I was fortunate enough to own a multi-family property about a decade ago. For whatever reason, someone convinced me it was the right thing to do and would be a good investment. I owe them a debt of gratitude and likely a few six-packs! It was the best financial decision I have made in a long time and has continued to encourage me in the direction of making my money work FOR me!
One of the cornerstone principals in building wealth is creating positive cash flow. You don’t have to go to “Hahvahd” to know that more money coming in vs. going out is a good thing. Rental properties create a great opportunity for that cash flow. A property with multiple units can generate income each month that goes towards the mortgage (more on that later) and other expenses such as repairs and improvements.
There is certainly risk involved in owning rental properties and those should not be ignored. Mainly, the income generated by tenants is only going to work for you if you actually HAVE tenants! Occupancy rates are something to be aware of and should be considered when you’re working out your budget. The bank will certainly consider them when figuring out your mortgage (usually at around 70%), so you should be aware of that as well. There are lots of whack-jobs out there as well. A friend of mine had someone “plant” the walls of his apartment. By that I mean he mixed grass seed in with wallpaper paste and planted grass on the walls. Yeah, he didn’t last long.
Assuming you have tenants (and those tenants are paying their rent!) any improvements you make on the property will increase its value. While this seems like an obvious concept, the beauty of this lies in the difference between improvements on your home and improvements on the rental property. By utilizing the cash flow created by the tenants, you can improve the value of the home without decreasing your own wealth. Much like a business owner will re-invest any profits back into the company, you are taking the income, beyond what is covering the mortgage and other expenses, and reinvesting it into the home. See how smart you are!?
Tax benefits are another of the great features of owning rental property. You can use the improvement expenses, rental expenses, depreciation and mortgage interest all in your favor. In the first year of owning my duplex, I spent over $10,000 in updates and renovations. A big percentage of that was taken right off the top of my income that year and helped out a ton at tax time.
As we mentioned earlier, the bank will consider the occupancy rate when establishing the amount they are willing to loan you for this investment. The other side of this coin is the actual amount you are charging for rent. While you still need to stay competitive within your regional market, as you increase your rents, the value of your property increases. If the bank can see that your property generates “X” amount in rent each month, they are more inclined to lend you more money for that property because its value, in their eyes, has increased. This also comes in handy when it comes time for a home equity loan.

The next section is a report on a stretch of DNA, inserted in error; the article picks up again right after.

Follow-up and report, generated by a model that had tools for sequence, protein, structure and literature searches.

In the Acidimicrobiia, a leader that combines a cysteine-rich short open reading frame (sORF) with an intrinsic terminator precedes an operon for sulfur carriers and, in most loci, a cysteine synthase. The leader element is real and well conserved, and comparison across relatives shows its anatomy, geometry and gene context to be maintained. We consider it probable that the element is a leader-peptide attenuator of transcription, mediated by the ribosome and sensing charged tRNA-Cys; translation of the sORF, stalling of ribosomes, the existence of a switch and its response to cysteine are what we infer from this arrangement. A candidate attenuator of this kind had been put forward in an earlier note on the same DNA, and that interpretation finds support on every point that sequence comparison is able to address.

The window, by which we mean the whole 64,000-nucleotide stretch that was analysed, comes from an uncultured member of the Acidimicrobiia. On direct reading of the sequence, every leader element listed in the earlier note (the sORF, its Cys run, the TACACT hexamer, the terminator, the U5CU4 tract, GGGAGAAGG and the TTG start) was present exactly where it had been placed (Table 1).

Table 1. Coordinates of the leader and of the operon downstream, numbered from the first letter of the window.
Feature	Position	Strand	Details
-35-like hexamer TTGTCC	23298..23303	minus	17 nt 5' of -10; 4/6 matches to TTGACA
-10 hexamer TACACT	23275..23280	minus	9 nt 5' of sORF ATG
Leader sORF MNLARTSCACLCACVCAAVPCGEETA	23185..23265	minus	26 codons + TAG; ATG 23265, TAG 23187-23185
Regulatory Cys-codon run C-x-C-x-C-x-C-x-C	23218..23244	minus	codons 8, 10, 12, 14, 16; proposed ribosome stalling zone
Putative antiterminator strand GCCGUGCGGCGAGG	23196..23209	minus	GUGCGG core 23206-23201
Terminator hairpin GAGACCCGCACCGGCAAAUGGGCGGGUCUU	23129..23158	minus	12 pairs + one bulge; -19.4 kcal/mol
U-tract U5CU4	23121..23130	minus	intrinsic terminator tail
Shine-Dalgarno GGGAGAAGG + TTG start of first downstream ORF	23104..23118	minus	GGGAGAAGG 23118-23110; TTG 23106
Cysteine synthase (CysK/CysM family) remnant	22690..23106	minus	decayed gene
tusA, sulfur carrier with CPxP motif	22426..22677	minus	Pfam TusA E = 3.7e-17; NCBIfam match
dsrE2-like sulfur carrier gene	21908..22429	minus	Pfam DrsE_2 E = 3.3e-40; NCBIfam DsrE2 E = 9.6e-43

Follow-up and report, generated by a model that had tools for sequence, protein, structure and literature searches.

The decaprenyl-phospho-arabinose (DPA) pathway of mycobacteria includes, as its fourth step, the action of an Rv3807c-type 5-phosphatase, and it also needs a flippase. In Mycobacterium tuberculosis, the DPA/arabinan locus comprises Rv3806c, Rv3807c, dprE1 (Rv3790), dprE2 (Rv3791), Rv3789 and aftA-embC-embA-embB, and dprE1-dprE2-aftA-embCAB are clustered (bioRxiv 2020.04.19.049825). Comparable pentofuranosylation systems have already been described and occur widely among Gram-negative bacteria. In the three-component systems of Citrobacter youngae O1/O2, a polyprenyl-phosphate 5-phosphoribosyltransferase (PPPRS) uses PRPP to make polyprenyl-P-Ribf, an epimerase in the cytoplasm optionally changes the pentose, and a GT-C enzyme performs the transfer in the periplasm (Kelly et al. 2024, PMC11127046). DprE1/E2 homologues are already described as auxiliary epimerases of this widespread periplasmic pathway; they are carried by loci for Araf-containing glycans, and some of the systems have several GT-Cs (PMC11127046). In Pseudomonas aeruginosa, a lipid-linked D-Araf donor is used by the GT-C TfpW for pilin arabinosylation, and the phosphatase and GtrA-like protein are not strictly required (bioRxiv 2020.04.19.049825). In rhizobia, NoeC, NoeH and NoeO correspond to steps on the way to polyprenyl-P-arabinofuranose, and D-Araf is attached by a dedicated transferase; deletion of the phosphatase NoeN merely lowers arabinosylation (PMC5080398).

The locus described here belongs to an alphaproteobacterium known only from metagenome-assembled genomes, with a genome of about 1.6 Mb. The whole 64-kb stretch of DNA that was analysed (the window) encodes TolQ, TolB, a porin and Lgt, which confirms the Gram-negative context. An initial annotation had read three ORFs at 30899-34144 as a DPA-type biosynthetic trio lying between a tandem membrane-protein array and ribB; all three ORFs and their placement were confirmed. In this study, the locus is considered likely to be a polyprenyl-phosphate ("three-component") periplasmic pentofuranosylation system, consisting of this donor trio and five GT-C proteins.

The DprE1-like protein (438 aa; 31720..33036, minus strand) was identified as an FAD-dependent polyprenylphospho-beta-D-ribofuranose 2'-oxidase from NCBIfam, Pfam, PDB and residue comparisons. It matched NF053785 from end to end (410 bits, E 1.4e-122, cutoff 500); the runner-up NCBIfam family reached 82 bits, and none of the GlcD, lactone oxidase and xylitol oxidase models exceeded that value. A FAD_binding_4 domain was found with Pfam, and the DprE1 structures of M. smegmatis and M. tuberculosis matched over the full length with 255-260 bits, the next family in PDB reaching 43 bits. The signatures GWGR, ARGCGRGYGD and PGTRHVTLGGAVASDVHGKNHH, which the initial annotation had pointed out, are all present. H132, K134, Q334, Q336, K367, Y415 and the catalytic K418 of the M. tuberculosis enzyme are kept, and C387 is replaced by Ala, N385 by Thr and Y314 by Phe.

“Any investment is risky, but you need to take that first step to see if it is right for you,” notes Badger Realty owner, Dick Badger. He continued, “Investing in property that will pay you back is a fundamental principal in real estate. Whether your investment capacity is for a small duplex or a large commercial property, the benefits can be seen on any scale”.
The current condition of the real estate market is another factor in the value and appreciation of your rental asset. In the valley, we all understand that property is at a premium and the prices continue to remain strong. The same can be said of rental properties (Have you searched for a rental lately?!). With the basic economic concept of supply and demand at play, as the market appreciates, so does the value and rent-ability of your property.
Lastly, and my personal favorite portion of rental property, is that someone else is paying your mortgage. My first tenants ever were an adorable couple with two small kids. While they seemingly struggled to pay the rent, and almost always paid it at least a week late, they always came through and their check always cleared. They loved having a clean, safe and convenient place to live and raise their kids and I loved having respectful, quiet tenants living upstairs from me. Finding tenants that respect your property and continue to pay the rent is a welcome treat. Having money in the bank each month to make the mortgage payment (and not having that money come from my own personal paycheck) is a godsend.
Rental property is not for everyone. My brother and his wife just moved across the country and sold a house over in Cape Elizabeth that would have been a gold-mine in the rental market over there. The headache and stress was not going to be worth it to them and they decided to sell. I totally understand and appreciate their position. You’ll have to do some soul-searching to see if you are willing to deal with the stress. I think you’ll find that the payoff will outweigh the annoyances.